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Remember the Yellow Pages?    

If you wanted to call a store or restaurant to figure out what time they closed, you needed a book that was roughly the size and weight of a Buick.

And business owners always wanted to make sure their business appeared in a highly visible spot. That gave rise to the practice of choosing a company name that would put you near the beginning of an alphabetical listing — or paying for a prominent ad.    

Today, consumers tend to search Google Maps (or Yelp) to find a business they’re looking for nearby. Google Maps provides many useful layers of info — including proximity to the searcher, website, phone number, hours, reviews, services, and even “busy times” for the business.   

Google My Business (GMB) is the social network (loosely speaking) where you can establish your presence on Google Maps — and customize all that information we mentioned above.    

Why should Google My Business be a part of my local search engine optimization (SEO) strategy?

Google My Business is essential for local SEO — as it helps your business appear in search results that are specific to products or services in your area. Even broad queries with large search volumes display local results in the “three-pack” (a mini-map of nearby businesses) — and community financial institutions can use this to increase visibility for their organization.    

How does a Google My Business listing work? 

When a user searches on Google or Google Maps, something called the “Local Algorithm” determines when and how a business listing is displayed. There are three key factors that contribute to your business’ score in the algorithm:

1. Relevance

Providing the right keywords and filling out your business information as accurately as possible is essential to ranking highly in a search. Why? Because when a user searches for “drugstore” or “pharmacy,” Google will look for businesses that match that description. No plumbers, no auto shops — just drug stores or pharmacies, which may include certain grocery stores. Google wants to return results that match the search, or the searcher’s intent (adjusting for misspelled words and poor word choice) as closely as possible.

2. Proximity 

Distance is a huge factor. Nearer is better for searches that may be tied to a physical location. If someone is looking for a new bank or credit union, they probably want to see the options that are within 10 miles — not 50 or 100. There may be exceptions (like maybe you want a financial institution that’s closer to your workplace) — but distance plays a big role in local search.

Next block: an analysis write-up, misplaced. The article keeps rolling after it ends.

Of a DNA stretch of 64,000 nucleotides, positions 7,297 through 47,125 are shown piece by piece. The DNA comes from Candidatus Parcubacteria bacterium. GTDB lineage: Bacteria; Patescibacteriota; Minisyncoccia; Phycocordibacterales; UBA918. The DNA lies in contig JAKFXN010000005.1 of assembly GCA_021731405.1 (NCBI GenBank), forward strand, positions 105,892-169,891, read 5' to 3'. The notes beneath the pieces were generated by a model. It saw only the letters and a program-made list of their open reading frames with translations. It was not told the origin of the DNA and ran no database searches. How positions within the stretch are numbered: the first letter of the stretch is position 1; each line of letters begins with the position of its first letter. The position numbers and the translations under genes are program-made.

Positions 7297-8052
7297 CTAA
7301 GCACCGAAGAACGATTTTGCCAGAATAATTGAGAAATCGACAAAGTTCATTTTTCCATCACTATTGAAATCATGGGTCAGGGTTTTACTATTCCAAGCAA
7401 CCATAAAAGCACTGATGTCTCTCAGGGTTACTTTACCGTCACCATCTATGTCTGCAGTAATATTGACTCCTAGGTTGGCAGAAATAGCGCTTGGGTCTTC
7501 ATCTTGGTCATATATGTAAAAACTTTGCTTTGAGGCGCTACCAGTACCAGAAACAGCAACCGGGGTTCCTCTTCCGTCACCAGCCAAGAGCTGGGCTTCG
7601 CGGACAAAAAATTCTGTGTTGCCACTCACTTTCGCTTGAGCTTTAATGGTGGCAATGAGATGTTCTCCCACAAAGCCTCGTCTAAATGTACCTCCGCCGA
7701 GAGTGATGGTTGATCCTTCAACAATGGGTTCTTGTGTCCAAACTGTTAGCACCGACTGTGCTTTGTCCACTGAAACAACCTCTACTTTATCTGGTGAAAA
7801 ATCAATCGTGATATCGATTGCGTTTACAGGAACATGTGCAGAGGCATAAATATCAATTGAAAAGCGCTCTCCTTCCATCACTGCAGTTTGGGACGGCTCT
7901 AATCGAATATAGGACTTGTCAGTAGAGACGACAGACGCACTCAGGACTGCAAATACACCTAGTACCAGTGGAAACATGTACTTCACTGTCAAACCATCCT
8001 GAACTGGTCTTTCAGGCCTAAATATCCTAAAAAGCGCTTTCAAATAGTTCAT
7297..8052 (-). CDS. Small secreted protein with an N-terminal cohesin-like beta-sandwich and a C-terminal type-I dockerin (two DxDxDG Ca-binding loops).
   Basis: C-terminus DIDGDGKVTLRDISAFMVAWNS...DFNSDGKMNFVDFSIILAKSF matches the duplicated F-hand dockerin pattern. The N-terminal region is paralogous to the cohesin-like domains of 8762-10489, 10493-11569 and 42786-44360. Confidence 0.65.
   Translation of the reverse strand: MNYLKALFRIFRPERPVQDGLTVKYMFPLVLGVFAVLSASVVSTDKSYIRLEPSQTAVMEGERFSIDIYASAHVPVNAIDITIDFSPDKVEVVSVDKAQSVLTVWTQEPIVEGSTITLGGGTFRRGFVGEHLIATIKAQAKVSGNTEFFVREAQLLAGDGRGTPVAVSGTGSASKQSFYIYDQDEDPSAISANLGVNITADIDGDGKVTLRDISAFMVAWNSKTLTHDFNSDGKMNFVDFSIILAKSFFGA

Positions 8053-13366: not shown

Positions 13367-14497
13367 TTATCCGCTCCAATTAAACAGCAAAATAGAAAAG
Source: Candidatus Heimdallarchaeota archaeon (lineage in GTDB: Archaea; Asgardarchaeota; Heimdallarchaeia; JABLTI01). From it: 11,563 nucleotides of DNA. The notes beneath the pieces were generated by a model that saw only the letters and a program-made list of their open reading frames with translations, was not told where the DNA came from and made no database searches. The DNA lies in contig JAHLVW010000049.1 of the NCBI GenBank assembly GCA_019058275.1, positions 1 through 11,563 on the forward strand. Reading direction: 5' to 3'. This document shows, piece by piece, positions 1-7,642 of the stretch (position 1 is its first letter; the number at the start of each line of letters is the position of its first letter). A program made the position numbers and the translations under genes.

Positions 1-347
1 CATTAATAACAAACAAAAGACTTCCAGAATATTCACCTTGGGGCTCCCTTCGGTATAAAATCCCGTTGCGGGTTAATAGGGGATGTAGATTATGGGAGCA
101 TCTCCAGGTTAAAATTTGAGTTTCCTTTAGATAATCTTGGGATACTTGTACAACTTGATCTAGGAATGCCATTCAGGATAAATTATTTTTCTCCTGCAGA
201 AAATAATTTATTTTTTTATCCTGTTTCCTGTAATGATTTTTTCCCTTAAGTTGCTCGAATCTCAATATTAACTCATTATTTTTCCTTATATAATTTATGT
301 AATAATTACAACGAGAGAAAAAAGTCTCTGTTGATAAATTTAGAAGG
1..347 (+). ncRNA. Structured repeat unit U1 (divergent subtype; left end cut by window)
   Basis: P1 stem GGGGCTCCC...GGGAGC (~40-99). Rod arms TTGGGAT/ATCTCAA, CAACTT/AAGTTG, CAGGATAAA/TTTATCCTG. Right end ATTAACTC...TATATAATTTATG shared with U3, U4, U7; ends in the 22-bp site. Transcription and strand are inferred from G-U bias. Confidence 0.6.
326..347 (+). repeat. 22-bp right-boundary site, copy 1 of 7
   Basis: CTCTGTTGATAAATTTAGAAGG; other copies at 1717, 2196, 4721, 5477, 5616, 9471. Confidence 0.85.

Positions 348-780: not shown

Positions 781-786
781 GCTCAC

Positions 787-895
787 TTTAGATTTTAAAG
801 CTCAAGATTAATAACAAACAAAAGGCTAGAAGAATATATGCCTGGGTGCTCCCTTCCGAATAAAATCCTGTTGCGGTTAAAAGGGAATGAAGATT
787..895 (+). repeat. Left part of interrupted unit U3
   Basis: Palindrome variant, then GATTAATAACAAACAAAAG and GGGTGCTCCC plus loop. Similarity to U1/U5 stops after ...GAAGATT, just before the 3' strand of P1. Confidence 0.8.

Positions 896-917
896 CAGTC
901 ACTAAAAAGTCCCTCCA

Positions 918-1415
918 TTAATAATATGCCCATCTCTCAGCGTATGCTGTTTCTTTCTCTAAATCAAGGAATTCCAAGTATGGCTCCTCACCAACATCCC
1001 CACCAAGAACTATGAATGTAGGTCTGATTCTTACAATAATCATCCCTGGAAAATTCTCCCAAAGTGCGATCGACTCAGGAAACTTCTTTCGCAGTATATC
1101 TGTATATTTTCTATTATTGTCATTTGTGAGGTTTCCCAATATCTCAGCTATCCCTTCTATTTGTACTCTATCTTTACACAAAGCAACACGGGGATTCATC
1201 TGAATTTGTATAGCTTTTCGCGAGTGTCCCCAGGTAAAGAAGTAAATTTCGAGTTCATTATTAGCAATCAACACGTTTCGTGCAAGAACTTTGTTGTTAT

3. Prominence 

Finally, Google uses engagement metrics like reviews, likes, and inbound links to weed out the low quality businesses — even if they offer the desired services within an acceptable distance. So even though a business (such as McDonalds) may sell coffee, if you search for “coffee shop,” Google will show nearby Starbucks locations before McDonalds. And, if a business has lots of positive ratings, that can affect prominence.   

To summarize: Google shows results that are relevant to the search querynear the searcher’s locationand the best options that fit the first two criteria.   

Can an optimized Google My Business listing attract new account holders? 

While there can be a benefit to running pay-per-click campaigns to target specific search terms, the same reasons you would have listed your community financial institution in the Yellow Pages also apply to listing on GMB. It’s free to list your business — and gives you control when it comes to providing accurate information to a wide audience of people.

When people can verify that your institution has good reviews (and that you respond to critical reviews in a timely fashion), they’re even more likely to seek your services. GMB also allows you to promote your business and respond to situations in real time (for example, if a branch must close due to extreme weather).  

It’s worth pointing out that accuracy is non-negotiable when it comes to using GMB. Outdated hours of operation and contact information will frustrate users — and drive them to the next most accurate listing. The importance of this has only increased during the coronavirus pandemic. Consumers haven’t stopped using financial tools and services. Now is the time to remind consumers that you’re standing by, ready to help them with their needs.

Using Google My Business to manage your business during a crisis (aka COVID-19). 

Google has provided additional guidance for businesses who are coping with the challenges of the coronavirus pandemic. These new options can help you deal with reduced hours for in-branch service, direct consumers to your website for virtual service, and even display any additional services you may be offering.   

We strongly recommend that local banks and credit unions put some advertising dollars into “reassurance messaging” — letting your community know that you’re committed to serving them during trying times. Using the full array of options that GMB offers is a great way to build trust and credibility when people need it most.   

To continue building confidence with consumers, you need a reliable, responsive website. Now may be a good time to consider FIRSTBranch for your institution. We’ve been helping community financial institutions like yours function during the pandemic by offering them an online branch — with options that allow a user to do many of the things they would do in a physical branch. Consumers have come to expect this kind of convenience. And they need it now more than ever. 

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